City Spotlight: Philadelphia, Pennsylvania
Pennsylvania’s largest city has been one of America’s most iconic locations since colonial times, from playing an important role in the development of our country to serving as a center for growth and innovation in modern times. Philadelphia offers a wonderful mix of the past and future, serving as the cultural and economic center of the Delaware Valley region, an area in the Northwestern US of over 7.2 million people. Like many cities in America in the 20th century, Philadelphia had to adjust to a loss of manufacturing companies and jobs, but in the 1990s experienced a surge of revitalization and now serves as a regional hub for education, arts, culture, and history.
- State: Pennsylvania
- County: Philadelphia County
- Founded: 1682
- Elevation: 39 ft
- Area (total): 141.6 square miles
- Area (land): 134.1 sq mi
- Area (water): 7.5 sq mi
- Population (2010 census): 1,526,006
- Population (2015 estimate): 1,567,442
- Zip codes: 19092, 19093, 19099-19199
- Area codes: 215 and 267
Attractions and Things to Do
One of the central attractions of Philadelphia is the Independence National Historic Park, which includes the Independence Visitor Center, the Liberty Bell Center, Independence Hall, Carpenter’s Hall, and many other sites of interest. These areas offer an interesting glimpse into our country’s most formative years, with exhibits that engage and educate children, teens, and adults of all ages.
The Philadelphia Zoo is the first zoo in the nation, with 42 acres of gorgeous scenery and about 1,300 animals. The zoo is home to a unique travel system linking similar enclosures called Zoo 360, letting many of the zoo’s animals have space to roam and explore as they wish.
Memorial Hall is a National Historic Landmark that offers guided tours and plays host to the Please Touch Museum, an interactive museum aimed at kids ages seven and younger, with eight amazing exhibits, art programs, a collection of 25,000 toys, and music and dance performances.
Benjamin Franklin Parkway is a mile-long street lined with many of the city’s premier art museums, including the Philadelphia Museum of Art, the Rodin Museum, the Barnes Foundation, and the Moore College of Art and Design, as well as a number of picturesque parks. Also on the parkway are the Franklin Institute, an interactive science museum (whose best-loved exhibit is a walk-through of a giant-sized human heart) and the Academy of Natural Sciences of Drexel University, the nation’s oldest natural history museum.
The Pennsylvania Academy of Fine Arts is the oldest art museum and school in the United States, with special rotating exhibits as well as a permanent collection of works by some of the most outstanding contemporary artists in the nation.
The African American Museum of Philadelphia focuses on exploring the role of African Americans in founding the United States in its core exhibit, Audacious Freedom, as well as exploring contemporary issues throughout its other exhibits. The museum offers hands-on activities as well as a number of weekend workshops.
The National Museum of American Jewish History preserves and exhibits the American Jewish experience, presenting the histories of a wide variety of major figures in vivid detail.
The Penn Museum (or the University of Pennsylvania Museum of Anthropology and Archeology) is one of the world’s foremost archaeological and anthropological museums, with nearly a million artifacts, including a 15-ton Egyptian sphinx.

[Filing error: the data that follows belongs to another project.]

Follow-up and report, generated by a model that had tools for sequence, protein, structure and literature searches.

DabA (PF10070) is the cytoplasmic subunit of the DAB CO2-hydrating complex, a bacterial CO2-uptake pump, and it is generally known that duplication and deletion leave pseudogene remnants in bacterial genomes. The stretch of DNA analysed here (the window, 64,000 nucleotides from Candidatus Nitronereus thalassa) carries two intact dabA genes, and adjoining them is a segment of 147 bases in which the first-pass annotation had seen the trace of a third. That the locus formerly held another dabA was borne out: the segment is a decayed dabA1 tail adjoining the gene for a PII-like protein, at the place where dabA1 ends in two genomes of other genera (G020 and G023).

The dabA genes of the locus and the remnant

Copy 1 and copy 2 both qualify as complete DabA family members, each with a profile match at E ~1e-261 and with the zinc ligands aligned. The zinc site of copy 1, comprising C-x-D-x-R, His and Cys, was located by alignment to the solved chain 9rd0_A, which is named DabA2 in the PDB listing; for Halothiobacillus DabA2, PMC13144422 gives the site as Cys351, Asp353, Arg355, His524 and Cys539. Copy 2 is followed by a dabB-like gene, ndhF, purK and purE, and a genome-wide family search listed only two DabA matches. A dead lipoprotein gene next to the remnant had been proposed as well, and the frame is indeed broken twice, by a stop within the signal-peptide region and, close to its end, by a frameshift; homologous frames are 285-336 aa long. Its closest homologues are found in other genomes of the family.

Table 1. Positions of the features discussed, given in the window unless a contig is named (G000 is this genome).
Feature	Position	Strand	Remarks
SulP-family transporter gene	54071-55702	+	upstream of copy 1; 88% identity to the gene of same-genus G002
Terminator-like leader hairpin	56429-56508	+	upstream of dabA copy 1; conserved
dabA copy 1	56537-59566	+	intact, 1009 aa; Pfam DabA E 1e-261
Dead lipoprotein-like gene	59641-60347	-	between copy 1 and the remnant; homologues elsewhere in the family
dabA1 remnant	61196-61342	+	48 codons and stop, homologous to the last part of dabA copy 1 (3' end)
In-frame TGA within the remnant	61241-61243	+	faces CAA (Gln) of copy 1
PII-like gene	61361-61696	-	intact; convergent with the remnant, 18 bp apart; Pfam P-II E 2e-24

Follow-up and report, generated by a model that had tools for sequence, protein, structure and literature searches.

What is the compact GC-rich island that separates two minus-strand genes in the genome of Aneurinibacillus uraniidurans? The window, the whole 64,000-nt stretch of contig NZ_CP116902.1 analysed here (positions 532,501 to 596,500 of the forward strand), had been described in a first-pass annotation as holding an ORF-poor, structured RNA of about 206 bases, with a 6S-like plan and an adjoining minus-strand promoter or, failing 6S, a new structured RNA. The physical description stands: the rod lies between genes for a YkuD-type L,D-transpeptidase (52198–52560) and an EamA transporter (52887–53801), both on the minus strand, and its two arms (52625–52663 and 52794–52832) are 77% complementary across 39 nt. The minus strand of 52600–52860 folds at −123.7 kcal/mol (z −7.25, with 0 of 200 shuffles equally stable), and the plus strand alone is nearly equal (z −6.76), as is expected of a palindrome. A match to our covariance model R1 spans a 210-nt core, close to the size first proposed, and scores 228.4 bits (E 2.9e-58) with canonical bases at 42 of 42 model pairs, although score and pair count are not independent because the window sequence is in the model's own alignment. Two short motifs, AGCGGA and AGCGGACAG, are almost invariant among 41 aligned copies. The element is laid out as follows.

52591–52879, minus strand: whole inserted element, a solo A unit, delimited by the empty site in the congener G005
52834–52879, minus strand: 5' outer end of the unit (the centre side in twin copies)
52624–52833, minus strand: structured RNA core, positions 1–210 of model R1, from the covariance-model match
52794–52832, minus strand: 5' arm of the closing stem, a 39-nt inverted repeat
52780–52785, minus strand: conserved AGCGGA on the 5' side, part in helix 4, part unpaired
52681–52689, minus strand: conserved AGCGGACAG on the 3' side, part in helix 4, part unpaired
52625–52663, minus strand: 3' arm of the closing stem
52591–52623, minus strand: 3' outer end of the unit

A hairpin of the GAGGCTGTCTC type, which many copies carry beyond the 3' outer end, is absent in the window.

The Institute of Contemporary Art is open to the public, with no entrance fee for tickets. The Institute has launched the careers of a number of major contemporary artists, including Andy Warhol, Laurie Anderson, Robert Indiana, and Agnes Martin, among many others.
Independence Seaport Museum relays the history of Philadelphia’s maritime heritage, including an opportunity for visitors to explore two historic naval ships, the submarine Becuna and the cruiser Olympia.
Adventure Aquarium has more than 8,500 animals, including the only Great Hammerhead shark on exhibit in the nation, with educational exhibits, some of them interactive, that are fun for the entire family. The aquarium’s KidZone is a virtual under-the-sea playground meant specifically for kids ages six and under.
Philadelphia has a strong, steadily improving economy, with a variety of industries and economic activity. According to the Bureau of Economic Analysis, in 2010 Philadelphia’s total gross metropolitan product was $347 billion, making it the United State’s seventh largest metropolitan economy. The city’s economy is projected to continue growing throughout the coming decade, both in absolute size and in ranking.
Philadelphia’s largest sectors are financial services, healthcare and biotechnology, tourism, information technology, manufacturing, oil refining, and food processing. As the center of Pennsylvania’s economic activities, the city hosts the Philadelphia Stock Exchange and a number of the region’s most major companies, including twelve Fortune 500 companies headquartered throughout the greater Delaware Valley, four in the city proper. A total of seven Fortune 1000 companies are headquartered within city limits.
Healthcare serves as the largest employment sector in the city. Philadelphia’s distinguished hospitals place the city at the center of medical research, attracting major pharmaceutical companies and research in biotechnology. The city is also home to the headquarters of a number of medical professional associations.
In 2014, Philadelphia’s major tourist attraction, Independence National Historic Park, attracted 3.6 million visitors alone, while the wider metropolitan area received a total of 39 million visitors throughout 2013. The city has over a hundred museums, mostly focused on art and history.
Interested in moving to the city of brotherly love? Check our homes in Philadelphia, PA!